Lag Effect

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Definition of the Lag Effect:

The lag effect is the potential ineffectiveness in fiscal policy due to the time it takes to recognize an issue, implement the appropriate policy, and affect the economy.

Detailed Explanation:

In theory, the government could effectively use fiscal policy to manage the economy if it knew exactly what the fiscal multiplier was for a given policy and if it could apply the policy immediately. A policy could be implemented to generate the exact increase or decrease in the aggregate demand needed to bring the economy to the long-run equilibrium. 

Unfortunately, there is a time lag between the recognition of a problem and the effective management of the economy. The lag could be years. By the time a policy has been put into practice, the economy has moved on, and the policy may be counterproductive. Economists frequently disagree on whether the economy is approaching a recession, or whether inflationary pressures are short-term or long-term. After recognition, it takes time to agree on the best course of action.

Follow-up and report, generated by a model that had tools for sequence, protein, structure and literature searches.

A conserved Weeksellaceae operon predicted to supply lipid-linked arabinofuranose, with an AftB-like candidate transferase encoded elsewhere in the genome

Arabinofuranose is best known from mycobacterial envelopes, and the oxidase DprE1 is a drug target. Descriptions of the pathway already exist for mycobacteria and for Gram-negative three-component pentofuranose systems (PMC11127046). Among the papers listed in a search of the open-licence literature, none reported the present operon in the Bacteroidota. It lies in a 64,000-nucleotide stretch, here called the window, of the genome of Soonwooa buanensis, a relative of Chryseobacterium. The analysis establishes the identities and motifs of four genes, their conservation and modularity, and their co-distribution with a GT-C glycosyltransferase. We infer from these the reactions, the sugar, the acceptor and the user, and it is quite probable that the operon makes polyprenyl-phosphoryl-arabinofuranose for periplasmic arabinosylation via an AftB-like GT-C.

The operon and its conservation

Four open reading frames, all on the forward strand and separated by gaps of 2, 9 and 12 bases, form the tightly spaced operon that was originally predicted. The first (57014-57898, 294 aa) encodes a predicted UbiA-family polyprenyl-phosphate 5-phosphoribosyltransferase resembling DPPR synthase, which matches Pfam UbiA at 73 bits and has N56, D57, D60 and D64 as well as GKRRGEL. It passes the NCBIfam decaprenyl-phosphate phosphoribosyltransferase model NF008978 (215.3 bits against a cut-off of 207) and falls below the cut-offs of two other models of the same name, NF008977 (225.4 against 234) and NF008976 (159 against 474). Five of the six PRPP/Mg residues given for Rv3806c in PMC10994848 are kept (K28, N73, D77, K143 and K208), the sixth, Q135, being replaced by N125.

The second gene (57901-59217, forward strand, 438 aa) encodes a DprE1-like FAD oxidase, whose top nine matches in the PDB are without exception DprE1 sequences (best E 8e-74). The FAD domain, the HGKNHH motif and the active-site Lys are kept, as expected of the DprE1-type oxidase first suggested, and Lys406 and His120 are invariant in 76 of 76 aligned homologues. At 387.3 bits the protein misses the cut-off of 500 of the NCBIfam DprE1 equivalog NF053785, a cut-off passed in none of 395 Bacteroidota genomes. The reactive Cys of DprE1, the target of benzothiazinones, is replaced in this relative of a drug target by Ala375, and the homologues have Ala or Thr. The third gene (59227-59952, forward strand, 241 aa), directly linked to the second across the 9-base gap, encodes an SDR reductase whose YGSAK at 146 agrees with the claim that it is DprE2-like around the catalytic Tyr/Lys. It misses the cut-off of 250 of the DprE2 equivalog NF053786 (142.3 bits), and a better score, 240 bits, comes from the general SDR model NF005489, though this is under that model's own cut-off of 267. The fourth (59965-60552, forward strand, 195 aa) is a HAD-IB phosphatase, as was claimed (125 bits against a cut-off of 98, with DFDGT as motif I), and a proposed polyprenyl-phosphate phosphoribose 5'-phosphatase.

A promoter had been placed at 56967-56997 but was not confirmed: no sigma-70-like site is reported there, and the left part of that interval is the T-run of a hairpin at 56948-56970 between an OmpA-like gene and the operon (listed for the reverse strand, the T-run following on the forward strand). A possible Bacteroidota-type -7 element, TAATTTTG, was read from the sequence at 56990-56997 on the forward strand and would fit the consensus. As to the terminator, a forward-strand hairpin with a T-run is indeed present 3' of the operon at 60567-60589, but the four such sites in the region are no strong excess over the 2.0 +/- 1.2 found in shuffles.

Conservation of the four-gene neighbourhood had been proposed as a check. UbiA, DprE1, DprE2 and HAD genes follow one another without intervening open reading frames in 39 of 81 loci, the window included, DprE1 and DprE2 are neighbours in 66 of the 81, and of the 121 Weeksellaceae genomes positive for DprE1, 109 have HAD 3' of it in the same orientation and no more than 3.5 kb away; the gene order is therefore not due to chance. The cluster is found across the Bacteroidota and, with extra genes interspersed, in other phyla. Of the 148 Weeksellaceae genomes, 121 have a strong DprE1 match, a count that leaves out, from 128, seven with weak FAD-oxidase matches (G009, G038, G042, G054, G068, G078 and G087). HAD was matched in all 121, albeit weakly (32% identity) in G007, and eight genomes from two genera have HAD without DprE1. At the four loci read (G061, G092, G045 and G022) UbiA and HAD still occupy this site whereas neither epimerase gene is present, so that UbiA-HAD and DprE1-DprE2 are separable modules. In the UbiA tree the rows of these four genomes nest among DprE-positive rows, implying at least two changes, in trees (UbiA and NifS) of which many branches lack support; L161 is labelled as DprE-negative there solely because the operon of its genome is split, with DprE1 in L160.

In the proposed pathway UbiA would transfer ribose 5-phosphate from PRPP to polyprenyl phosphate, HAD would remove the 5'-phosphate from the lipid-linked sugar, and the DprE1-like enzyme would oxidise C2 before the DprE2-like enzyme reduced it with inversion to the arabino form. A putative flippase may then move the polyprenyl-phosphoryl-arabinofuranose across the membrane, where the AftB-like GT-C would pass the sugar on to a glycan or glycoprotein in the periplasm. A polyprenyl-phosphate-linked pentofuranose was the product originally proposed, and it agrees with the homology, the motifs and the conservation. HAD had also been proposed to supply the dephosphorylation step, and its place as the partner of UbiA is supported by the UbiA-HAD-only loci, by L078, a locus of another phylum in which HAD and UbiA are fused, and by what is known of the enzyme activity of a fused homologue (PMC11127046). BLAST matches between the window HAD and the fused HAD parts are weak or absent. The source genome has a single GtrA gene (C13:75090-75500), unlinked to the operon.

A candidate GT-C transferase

For example, assume everyone agrees that the economy is in a recession. Some in Congress may believe the economy is showing signs of recovering on its own and would promote doing nothing to stimulate the economy. Others may favor tax cuts to stimulate the economy, while others would push for increases in government spending. Getting economists and the government leaders to agree on a course of action may take months. Compromises may be made which dilute the policy. By the time a fiscal policy is enacted, the economy may have recovered. The stimulus may in fact be counter-productive and inflationary! It is also possible that the recession worsens, and the watered-down policy may prove insufficient. Finally, there is an operational lag. Even if a new policy is passed, it takes time to implement. Consumers must “feel” wealthier to spend. Businesses must recognize the need to invest before they actually invest. This process may take many months. 

Generally, economists prefer monetary policy for minor changes to the economy, as opposed to fiscal policy enacted by the government, in part because monetary policy’s lag effect is shorter. Most economists believe that changes in fiscal policy by the federal government should be implemented when dramatic action is needed. 

Dig Deeper With These Free Lessons:

Fiscal Policy - Managing an Economy by Taxing and Spending
Monetary Policy - The Power of an Interest Rate
Aggregate Supply and Demand - Macroeconomic Equilibrium
Causes of Inflation

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